Aggregate academic expenditure data are generally consistent from year to year, although data for individual institutions may vary considerably. Data anomalies may reflect true increases or decreases in expenditures or may be the result of changes in reporting methodology.
Several longitudinal tables display data for institutions whose highest S&E degree granted is at the doctoral level. In tables produced prior to FY 1992, it would have been difficult to identify whether changes in yearly R&D expenditures were caused by changes in expenditure levels or in the number of doctorate-granting institutions. In order to maintain a consistent group of institutions across all years, the highest-degree-granted status for each institution is based on the highest degree granted in the most recent year, FY 1993.
Public-use data files from NSF's academic S&E surveys are available and will normally be shipped on tape (at a small charge) or electronically within 3 working days from receipt of order. Data files from the previous years and most recent surveys (1993) are currently available. Individuals interested in obtaining data files should request a copy of the Guide to the Data Files From the National Science Foundation's Annual Surveys of Academic Science and Engineering, which contains order forms and detailed information about the files. This document may be obtained by contacting NSF's Division of Science Resources Studies at--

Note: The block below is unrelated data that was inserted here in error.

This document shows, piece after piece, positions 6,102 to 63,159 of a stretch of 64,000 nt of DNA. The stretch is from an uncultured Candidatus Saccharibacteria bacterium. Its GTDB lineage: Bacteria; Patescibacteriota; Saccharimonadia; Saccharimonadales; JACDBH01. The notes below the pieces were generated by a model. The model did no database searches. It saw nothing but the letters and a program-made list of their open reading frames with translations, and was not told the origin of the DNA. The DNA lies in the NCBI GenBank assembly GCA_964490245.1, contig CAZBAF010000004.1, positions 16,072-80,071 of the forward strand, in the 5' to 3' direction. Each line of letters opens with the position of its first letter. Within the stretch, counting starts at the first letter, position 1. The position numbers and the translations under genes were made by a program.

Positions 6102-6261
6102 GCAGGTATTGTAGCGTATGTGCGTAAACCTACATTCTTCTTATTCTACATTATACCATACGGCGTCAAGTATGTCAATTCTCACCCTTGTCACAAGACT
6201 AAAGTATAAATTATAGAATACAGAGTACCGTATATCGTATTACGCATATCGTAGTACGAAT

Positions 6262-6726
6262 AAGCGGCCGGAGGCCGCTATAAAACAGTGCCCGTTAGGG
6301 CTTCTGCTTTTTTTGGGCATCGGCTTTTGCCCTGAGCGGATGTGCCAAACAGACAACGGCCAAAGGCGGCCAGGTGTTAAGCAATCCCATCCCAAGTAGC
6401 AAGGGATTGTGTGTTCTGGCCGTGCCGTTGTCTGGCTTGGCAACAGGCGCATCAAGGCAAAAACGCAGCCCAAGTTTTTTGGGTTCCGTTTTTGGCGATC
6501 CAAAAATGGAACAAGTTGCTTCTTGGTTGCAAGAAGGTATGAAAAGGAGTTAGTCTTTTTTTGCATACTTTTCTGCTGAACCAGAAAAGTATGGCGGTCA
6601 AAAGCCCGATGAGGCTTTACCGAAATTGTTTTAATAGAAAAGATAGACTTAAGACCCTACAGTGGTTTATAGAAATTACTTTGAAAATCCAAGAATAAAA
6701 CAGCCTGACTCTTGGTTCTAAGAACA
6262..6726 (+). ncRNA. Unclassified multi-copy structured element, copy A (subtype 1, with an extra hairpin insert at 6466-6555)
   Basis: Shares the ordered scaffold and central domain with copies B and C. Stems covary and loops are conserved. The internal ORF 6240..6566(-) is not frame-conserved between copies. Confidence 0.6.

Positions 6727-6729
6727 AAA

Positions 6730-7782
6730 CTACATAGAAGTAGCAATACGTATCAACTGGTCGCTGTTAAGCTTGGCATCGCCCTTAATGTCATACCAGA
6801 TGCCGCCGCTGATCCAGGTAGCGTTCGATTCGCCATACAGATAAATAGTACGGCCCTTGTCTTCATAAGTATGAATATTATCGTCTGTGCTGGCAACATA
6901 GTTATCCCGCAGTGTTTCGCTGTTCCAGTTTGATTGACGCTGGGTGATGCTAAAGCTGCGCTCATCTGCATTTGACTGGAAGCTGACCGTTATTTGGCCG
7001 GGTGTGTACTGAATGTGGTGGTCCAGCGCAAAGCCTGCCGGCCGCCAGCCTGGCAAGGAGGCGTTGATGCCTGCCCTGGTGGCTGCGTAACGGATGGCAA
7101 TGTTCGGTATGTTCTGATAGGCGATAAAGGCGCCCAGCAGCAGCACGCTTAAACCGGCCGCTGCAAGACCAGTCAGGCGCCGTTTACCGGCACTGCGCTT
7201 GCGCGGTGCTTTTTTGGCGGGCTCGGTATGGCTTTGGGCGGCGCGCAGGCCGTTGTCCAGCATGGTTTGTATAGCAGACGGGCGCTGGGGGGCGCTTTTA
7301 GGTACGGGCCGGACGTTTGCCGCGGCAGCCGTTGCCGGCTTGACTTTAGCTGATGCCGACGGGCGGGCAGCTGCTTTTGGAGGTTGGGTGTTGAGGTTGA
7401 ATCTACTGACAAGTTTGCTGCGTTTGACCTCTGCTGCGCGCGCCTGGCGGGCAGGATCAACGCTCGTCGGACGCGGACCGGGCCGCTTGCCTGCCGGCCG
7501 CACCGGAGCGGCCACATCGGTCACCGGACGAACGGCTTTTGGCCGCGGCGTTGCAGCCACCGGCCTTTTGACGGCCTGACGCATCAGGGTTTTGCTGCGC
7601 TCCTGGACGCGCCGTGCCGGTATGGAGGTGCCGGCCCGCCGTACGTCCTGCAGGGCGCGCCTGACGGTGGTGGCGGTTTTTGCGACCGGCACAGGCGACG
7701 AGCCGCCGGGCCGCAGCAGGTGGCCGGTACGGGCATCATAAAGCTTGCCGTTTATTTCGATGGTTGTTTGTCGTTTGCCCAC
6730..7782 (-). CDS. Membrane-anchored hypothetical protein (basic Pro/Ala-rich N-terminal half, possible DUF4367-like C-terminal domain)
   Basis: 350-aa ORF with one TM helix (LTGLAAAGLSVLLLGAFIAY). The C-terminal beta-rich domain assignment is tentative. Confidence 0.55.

Telephone: (703) 306-1772, ext. 6934
Selected data items for individual doctorate-granting, master's-granting, and historically black institutions are available on computer-generated Institutional Profiles, which consist of data not only from this survey, but also from NSF's other two academic S&E surveys: Federal Support to Universities, Colleges, and Nonprofit Institutions (Federal support survey) and Graduate Students and Postdoctorates in Science and Engineering (graduate student survey). Institutional Profiles for a single institution or limited group of institutions may be ordered by contacting Mr. Richard Bennof at the above address or by phone or e-mail:
The CASPAR (Computer-Aided Science Policy Analysis and Research) database system is an easy-to-use tool for retrieval and analysis of statistical data on academic S&E resources. CASPAR provides the analyst with an extensive and growing data library of multiyear statistics on the state of higher education in general and on S&E resources specifically. This data library is based on a set of standardized institutional and field of science definitions across the multiple sources used to develop the database. The CASPAR program includes built-in help capabilities to facilitate the use and interpretation of the data.
CASPAR data are drawn from a number of sources. All data are available on the individual institutional, State, and national levels. Longitudinal data from surveys of universities and colleges conducted by the NSF Division of Science Resources Studies include this R&D expenditures survey, the Federal support survey, and the graduate student survey. Data from surveys of universities and colleges conducted by the National Center for Education Statistics include Earned Degrees; Opening Fall Enrollment; Faculty Salaries, Tenure, and Fringe Benefits; and Financial Statistics. Data from other sources include the National Research Council Doctorate Program Ratings.
CASPAR is distributed on CD-ROM compact disc. For additional information on CASPAR, write or fax to the following--
Fax: (301) 657-3862